Ironically, it is precisely the subtle and organic nature of Detroit’s truths that call attention to the few moments of heavy-handed overreach, more from surprise than their effect on the overall narrative.

With a chilling, award-worthy turn, Will Poulter (The Revenant) makes the sadistic Officer Krauss all the more terrifying for how casually his violence erupts. There is excellence throughout Bigelow’s ensemble cast, and from Anthony Mackie’s embodiment of African American veterans denied the very rights they fought for to Algee Smith (The New Edition Story) as an aspiring R&B singer whose life is forever altered, sharply defined characters are revealed regardless of screen time.

Concerns about the voyeuristic nature of running this brutality through a white filmmaker’s lens are legitimate, but Bigelow also delivers a level of sensitivity that is palpable and frankly surprising for a tale so inherently savage. The strive to get this right is felt in nearly every frame, down to the end title card explaining the need for dramatic license.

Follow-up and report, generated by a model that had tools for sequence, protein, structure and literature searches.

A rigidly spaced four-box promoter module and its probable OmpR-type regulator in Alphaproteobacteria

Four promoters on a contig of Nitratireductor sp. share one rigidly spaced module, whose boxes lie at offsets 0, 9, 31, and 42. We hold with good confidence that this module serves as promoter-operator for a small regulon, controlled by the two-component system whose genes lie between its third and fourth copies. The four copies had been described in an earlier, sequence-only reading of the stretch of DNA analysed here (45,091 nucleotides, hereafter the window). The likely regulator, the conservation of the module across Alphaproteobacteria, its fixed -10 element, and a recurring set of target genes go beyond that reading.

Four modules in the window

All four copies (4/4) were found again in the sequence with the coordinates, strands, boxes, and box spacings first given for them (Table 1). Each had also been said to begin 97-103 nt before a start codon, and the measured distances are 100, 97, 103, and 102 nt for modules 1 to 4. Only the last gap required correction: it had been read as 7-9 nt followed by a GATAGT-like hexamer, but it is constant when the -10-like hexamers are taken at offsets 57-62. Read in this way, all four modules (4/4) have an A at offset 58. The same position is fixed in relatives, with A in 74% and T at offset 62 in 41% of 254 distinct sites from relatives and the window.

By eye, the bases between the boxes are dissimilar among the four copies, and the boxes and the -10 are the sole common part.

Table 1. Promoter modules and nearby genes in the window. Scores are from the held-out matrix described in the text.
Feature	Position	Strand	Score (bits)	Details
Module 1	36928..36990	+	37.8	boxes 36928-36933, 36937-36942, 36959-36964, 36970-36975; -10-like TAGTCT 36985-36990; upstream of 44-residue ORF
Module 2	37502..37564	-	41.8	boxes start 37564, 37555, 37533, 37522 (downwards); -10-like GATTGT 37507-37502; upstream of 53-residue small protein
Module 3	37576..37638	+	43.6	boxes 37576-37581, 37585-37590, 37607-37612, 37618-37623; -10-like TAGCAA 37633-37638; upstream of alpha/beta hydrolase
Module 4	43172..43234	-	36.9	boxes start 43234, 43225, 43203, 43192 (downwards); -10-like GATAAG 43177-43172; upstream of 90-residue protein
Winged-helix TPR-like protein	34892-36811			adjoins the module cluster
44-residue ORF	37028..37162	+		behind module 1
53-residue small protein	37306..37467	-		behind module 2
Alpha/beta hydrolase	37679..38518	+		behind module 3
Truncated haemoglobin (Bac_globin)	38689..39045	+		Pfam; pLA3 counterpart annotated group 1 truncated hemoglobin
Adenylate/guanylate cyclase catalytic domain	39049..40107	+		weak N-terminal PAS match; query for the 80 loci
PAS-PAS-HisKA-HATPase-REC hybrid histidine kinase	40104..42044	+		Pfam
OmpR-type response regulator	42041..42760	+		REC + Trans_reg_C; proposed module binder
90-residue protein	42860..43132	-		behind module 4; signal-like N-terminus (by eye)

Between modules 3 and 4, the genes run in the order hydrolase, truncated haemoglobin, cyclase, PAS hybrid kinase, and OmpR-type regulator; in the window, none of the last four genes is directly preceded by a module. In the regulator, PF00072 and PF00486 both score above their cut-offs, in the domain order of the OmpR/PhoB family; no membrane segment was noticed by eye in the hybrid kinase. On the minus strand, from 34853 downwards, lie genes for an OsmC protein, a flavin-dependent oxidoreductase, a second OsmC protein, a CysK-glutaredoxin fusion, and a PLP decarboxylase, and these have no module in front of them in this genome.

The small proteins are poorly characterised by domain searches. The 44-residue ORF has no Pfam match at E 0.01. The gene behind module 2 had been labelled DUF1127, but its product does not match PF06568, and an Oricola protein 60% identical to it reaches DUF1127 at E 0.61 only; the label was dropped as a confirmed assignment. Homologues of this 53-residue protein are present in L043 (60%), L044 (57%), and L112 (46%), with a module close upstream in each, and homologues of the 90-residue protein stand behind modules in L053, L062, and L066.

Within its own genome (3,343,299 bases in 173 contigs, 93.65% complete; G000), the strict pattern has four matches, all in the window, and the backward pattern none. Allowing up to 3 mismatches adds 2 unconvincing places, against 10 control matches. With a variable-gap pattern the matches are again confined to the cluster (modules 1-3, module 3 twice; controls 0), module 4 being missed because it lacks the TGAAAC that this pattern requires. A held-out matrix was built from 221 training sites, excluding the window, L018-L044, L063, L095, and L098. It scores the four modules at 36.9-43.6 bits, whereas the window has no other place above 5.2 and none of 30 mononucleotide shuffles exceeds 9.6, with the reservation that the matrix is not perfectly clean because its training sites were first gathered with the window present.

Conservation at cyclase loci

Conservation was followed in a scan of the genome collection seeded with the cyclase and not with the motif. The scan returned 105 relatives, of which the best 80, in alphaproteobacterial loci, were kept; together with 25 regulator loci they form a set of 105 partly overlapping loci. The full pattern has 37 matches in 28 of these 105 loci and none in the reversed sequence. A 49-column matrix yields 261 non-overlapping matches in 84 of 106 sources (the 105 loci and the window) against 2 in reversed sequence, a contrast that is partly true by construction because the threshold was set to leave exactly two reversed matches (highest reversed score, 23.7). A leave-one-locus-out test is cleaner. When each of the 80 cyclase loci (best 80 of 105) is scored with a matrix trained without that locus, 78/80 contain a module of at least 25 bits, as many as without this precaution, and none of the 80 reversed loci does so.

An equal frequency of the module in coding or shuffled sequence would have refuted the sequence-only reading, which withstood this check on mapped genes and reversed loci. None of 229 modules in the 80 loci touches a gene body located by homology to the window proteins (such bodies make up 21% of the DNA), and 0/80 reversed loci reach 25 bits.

Intimate in scope but universal in reach, Detroit shows a shameful part of the American experience, one rooted in white power and black fear, that continues to be perpetuated.

It is not a pleasant film, but it is necessary.

Verdict-4-5-Stars